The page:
‘We’re Talkin’ About Practice’ Saturday At Lebanon Valley Speedway

Column By: BOBBY CHALMERS / RPW – WEST LEBANON, NY – The name of the game was practice…not a race, but practice Saturday at the Lebanon Valley Speedway. It’s a time for teams and drivers to shake the rust off and see what they got as they get ready for their season opening events this coming season on the high banks.

For many teams, it’s a chance to test some new car and motor combinations to see if what they worked all winter long on will be just what they need for the new season. For others, it’s just a time to make sure the brakes work, the car turns left and the engine has no skips.

Chad Jeseo is one driver who was glad to have the practice session Saturday…mainly because the issues he and his RC Concrete #25 team had didn’t happen on opening night.

In the first practice session, the engine in the team’s new PMC Chassis-machine lost oil pressure before they even made it on the track. The team decided to spend the rest of their time at the track working on their back-up car, but found problems with that as well.

“The first time we took the car on track, I noticed it lost oil pressure so I shut of down,” he said. Scott (Hamlin, Jeseo’s car owner) didn’t want to mess with it the rest of the day so we took the other car out. That one has either a problem in the ignition or fuel delivery. I’m not sure. It kept cutting out so we changed fuel pumps, carburetor, coil, cap, and rotor but still didn’t find it. We’ll get things fixed for next week.”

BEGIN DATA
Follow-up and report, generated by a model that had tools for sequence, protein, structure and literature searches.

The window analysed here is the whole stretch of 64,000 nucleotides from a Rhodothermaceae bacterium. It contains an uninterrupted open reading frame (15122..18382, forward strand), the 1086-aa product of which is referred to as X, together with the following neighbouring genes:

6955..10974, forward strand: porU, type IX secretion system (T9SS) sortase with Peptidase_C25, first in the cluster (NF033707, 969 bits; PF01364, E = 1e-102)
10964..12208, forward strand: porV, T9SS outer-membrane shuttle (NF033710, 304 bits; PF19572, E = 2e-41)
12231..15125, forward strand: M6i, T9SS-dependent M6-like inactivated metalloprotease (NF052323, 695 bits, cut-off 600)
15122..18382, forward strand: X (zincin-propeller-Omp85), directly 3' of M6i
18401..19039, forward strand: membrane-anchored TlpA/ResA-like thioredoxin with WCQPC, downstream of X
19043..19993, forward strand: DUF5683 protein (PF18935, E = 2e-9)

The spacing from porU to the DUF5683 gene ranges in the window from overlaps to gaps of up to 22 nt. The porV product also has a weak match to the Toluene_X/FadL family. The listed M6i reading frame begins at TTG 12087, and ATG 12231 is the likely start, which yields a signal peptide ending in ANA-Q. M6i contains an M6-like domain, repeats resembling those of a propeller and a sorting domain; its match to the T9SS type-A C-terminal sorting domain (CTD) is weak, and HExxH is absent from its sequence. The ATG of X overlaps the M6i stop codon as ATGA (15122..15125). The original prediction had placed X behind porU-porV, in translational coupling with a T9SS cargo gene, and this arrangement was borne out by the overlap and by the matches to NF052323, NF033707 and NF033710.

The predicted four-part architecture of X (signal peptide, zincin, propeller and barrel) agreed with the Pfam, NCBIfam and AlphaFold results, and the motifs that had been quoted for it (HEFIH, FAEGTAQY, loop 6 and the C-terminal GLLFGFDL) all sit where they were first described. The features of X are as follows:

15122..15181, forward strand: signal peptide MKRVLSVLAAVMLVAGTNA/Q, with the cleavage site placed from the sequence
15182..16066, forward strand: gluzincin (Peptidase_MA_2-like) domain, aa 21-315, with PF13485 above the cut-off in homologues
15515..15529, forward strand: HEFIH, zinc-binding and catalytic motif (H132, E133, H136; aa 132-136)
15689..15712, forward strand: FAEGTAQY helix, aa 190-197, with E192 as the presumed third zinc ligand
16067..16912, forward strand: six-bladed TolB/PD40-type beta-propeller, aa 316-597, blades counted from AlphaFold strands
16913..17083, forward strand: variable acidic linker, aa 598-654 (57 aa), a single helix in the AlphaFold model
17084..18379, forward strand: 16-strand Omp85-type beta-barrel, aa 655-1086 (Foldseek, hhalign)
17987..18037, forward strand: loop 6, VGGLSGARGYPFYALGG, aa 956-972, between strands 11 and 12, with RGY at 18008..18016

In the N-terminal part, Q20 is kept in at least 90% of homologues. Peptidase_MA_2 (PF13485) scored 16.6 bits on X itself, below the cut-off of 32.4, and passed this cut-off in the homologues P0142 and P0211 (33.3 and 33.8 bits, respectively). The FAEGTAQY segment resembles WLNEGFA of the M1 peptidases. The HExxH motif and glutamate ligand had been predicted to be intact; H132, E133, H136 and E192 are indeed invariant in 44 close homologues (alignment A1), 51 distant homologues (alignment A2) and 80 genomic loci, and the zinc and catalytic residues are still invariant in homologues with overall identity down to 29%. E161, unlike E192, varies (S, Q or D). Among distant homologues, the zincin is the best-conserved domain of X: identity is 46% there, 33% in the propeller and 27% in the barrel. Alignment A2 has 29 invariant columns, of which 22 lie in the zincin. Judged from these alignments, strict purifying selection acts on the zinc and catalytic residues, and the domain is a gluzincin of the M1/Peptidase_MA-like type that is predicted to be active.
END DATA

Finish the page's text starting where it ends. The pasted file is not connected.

Another driver who had issues early was Paul Gilardi, who is debuting a new HigFab Chassis (HFC) for this season. After losing the team’s Higbie car last year in a vicious wreck on July 29th, the team decided to put another car together because they really liked the car and working with HFC.

It took the Gilardi team nearly all day to figure out their issues may be in the fuel system as well.

“The car seemed to load up with fuel before we even went out so we changed a set of spark plugs,” Gilardi said. “In the first set the car wasn’t right, so we changed the fuel pump. In the second set, the car was flooding out again, so we came in and checked everything we could find. We took the fuel cell vent off and it immediately sounded different. We changed it and the car was pretty good in the third set.”

Overall, Gilardi is happy with the new car and how it handled.